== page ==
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Reliable Wind Energy Facts How Many Did You Know

Following is our collection of super amazing and curious facts and details explaining Wind Energy. This list is intended for research in school, for college students or just to feed your brain with. Possible use cases are in quizzes, differences, homework facts legend, cover facts, and many more. But nevertheless learn why is Wind Energy so important!

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What is Wind Energy about?

Top 10 Wind Energy facts that will blow your mind.

  1. Japan aims to power the Tokyo Olympics with 100% renewable energy. They plan to use wind & solar energy to power the stadiums & athletes village. They also want to recycle the small amounts of gold, silver & copper from around 80,000 old phones by using the metals to create 5,000 medals.

  2. Today all Dutch trains are powered 100% by wind energy

  3. Nuclear energy is the safest energy source in terms of human deaths - even safer than wind and solar.

  4. No wind turbine can capture more than 59.3% of the kinetic energy in wind, regardless of its design. The "Betz limit" was first derived over 100 years ago.

  5. Texas is by far the No. 1 producer of wind energy in the United States; if it were its own country, Texas would be the fourth-largest largest wind-producing country in the world by the end of 2017.

  6. The DMSP can detect fires and energy use as well as information that can affect fire spreading such as wind and smoldering.

  7. The best places to utilize wind energy are prairies because they receive constant wind.

  8. A wind turbine converts wind into electricity and the largest one is 20 stories tall.

  9. In terms of renewable energy, hydroelectric power is the leading provider at 97.9% of all renewable sources. Solar, wind, biomass, and geothermal account for 2.1%.

  10. It takes water to produce electricity and it is estimated that by 2030 more than 30 trillion bottles of water will have been saved by the use of wind power.

Data charts defining Wind energy

Wind Energy figures with statistics charts presented as infographic.

wind energy fact data chart about American Solar And Wind Energy Consumption Rose 1328% Since
American Solar And Wind Energy Consumption Rose 1328% Since 2005

Funny wind energy details

Interesting definitions that can be fact checked.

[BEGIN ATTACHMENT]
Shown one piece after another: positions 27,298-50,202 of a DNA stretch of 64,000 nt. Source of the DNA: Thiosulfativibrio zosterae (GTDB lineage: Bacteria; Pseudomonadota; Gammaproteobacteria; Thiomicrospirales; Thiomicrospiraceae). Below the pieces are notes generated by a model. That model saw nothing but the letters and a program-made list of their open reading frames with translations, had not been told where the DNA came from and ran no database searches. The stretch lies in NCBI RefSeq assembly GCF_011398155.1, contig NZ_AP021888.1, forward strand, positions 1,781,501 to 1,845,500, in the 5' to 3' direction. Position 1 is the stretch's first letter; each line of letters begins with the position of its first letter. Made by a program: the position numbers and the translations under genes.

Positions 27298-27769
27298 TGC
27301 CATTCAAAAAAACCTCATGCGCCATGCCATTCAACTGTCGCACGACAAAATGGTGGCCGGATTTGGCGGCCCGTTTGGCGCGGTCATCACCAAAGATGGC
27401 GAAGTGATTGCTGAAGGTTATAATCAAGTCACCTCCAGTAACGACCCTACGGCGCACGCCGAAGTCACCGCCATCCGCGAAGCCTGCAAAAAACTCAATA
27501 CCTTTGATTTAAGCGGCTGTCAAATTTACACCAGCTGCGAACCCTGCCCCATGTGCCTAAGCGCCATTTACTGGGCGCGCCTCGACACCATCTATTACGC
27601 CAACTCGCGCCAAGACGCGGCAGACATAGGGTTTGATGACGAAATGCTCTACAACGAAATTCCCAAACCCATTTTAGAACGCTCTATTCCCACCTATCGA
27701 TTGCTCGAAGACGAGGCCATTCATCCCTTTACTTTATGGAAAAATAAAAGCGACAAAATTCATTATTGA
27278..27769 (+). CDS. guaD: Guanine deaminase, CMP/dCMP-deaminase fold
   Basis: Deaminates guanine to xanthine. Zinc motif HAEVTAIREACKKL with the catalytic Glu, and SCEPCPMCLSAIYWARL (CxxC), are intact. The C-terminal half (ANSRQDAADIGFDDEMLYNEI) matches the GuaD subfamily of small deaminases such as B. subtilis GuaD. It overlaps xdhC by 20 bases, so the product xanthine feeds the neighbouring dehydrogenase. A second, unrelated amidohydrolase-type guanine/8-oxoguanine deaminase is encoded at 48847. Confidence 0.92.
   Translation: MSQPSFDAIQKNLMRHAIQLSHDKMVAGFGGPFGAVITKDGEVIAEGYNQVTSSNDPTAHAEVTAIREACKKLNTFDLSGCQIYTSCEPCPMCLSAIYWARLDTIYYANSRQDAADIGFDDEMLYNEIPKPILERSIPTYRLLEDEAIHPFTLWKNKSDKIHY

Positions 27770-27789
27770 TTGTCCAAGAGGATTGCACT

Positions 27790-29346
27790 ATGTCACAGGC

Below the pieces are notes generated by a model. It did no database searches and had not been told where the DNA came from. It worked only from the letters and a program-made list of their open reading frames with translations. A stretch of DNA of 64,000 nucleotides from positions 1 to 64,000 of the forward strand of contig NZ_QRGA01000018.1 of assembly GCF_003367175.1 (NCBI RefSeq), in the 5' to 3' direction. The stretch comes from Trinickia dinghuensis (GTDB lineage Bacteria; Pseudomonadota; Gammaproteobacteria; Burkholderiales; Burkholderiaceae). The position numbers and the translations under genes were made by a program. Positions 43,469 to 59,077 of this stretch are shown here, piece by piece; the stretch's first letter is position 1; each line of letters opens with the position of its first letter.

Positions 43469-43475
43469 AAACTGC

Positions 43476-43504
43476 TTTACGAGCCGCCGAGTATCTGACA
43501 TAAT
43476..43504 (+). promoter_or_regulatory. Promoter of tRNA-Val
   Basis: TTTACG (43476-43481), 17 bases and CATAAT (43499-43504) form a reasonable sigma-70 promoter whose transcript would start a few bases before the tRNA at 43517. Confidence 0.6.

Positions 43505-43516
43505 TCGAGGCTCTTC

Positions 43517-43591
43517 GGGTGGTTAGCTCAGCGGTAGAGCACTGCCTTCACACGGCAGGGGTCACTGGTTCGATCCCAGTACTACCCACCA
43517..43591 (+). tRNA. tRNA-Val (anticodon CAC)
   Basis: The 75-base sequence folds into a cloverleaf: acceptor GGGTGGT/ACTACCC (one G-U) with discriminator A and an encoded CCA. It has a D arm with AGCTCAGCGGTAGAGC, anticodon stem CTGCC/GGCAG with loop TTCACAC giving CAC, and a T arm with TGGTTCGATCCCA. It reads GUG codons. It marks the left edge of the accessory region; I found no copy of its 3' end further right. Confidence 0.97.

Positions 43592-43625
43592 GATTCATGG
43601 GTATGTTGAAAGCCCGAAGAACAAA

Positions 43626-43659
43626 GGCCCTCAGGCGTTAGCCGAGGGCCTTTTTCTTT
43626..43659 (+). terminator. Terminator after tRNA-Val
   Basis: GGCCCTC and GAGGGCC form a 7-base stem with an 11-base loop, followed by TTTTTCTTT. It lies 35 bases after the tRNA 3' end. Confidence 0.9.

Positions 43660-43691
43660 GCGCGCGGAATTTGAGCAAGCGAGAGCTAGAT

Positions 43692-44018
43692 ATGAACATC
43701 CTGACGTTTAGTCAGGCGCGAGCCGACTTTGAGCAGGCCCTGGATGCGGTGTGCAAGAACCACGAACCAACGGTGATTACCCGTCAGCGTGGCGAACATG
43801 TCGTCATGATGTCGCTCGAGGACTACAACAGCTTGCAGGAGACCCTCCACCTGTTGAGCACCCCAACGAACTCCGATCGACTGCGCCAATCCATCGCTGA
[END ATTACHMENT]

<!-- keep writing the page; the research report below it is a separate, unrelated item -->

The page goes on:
The island of El Hierro uses a potential energy 'battery': when there is excess power being generated by wind turbines, water is moved to an elevated basin and when the system needs power, water is released to a lower basin, thus generating electricity.

Wind energy is not used more often because it is expensive to produce.

Wind mills date all the way back to the year 2000 BC where they were used in China.

The blades of a wind turbine can reach speeds of more than 200 miles per hour at their tips.

The production of wind energy produces more jobs than any other form of energy production.

The Calgary light rail system is entirely powered by wind energy

In July 1887 Professor James Blyth of Scotland built the first windmill that was used to create electricity. He was successful but nobody took his invention seriously.

Some people complain about the noise or say that wind turbines make them sick but this is debatable. When compared with the dangers and health concerns of fossil fuels it doesn"t make sense. It is also healthier for the earth.

Wind power has been used since 2000 BC when it was harvested through windmills in China and Persia.

Countries with large offshore wind farms include Denmark, Germany, and the U.K.

North Dumpling Island, a private island owned by the inventor of the Segway, the sole resident who jokingly claims to have seceded from the United States. The island is energy independent, powered by wind, solar, and occasionally cow manure.

A wind turbine is so powerful that just one can provide electricity for up to 300 homes at the same time.

Water, wind, and fossil fuels are all sources of electrical energy.

One wind turbine can harvest enough energy to power 600 homes in the United States.

Wind farms are large groups of wind turbines.

Current nuclear energy technology produces fewer grams of CO2 per kWh than solar, biofuels, and geothermal energy. Only wind and hydroelectric produce less.

There are approximately 8,000 different components required to make a wind turbine.

Wind turbines can be as tall as 200 meters and have blades that can move at a speed of up to 200 mph.

Silt accumulates in sedimentary basins all over the world. It represents a level of current, wind or wave energy between where mud and sand accumulate. These include aeolian, fluvial, tidal, lacustrine, coastal, glacial, paludal, deltaic, and shelf environments. Sedimentary structures such as layering, ripple marks, erosional contacts, cross-bedding, and fossils provide evidence of these environments.

In late 1887, early 1888 American Charles Brush built a windmill that he used until 1900.

Farmers often used windmills to pump water which would allow them to grind grain into flour.

The use of wind power is growing so quickly that it is estimated that by 2050 wind power will account for 1/3rd of the energy produced on the earth.

A turbine, such as a wind turbine, converts the kinetic energy of gas or steam into mechanical energy.

There are approximately 20,000 wind turbines in Germany, making it one of the world's largest producers of wind energy.

In order to use wind to create electricity it must be harnessed. The growing method around the world to harvest wind for energy is through wind turbines. These wind turbines are as high as 20 stories and have three, 60-meter-long blades. As the wind blows the giant blades they transfer motion which is converted by a generator into power.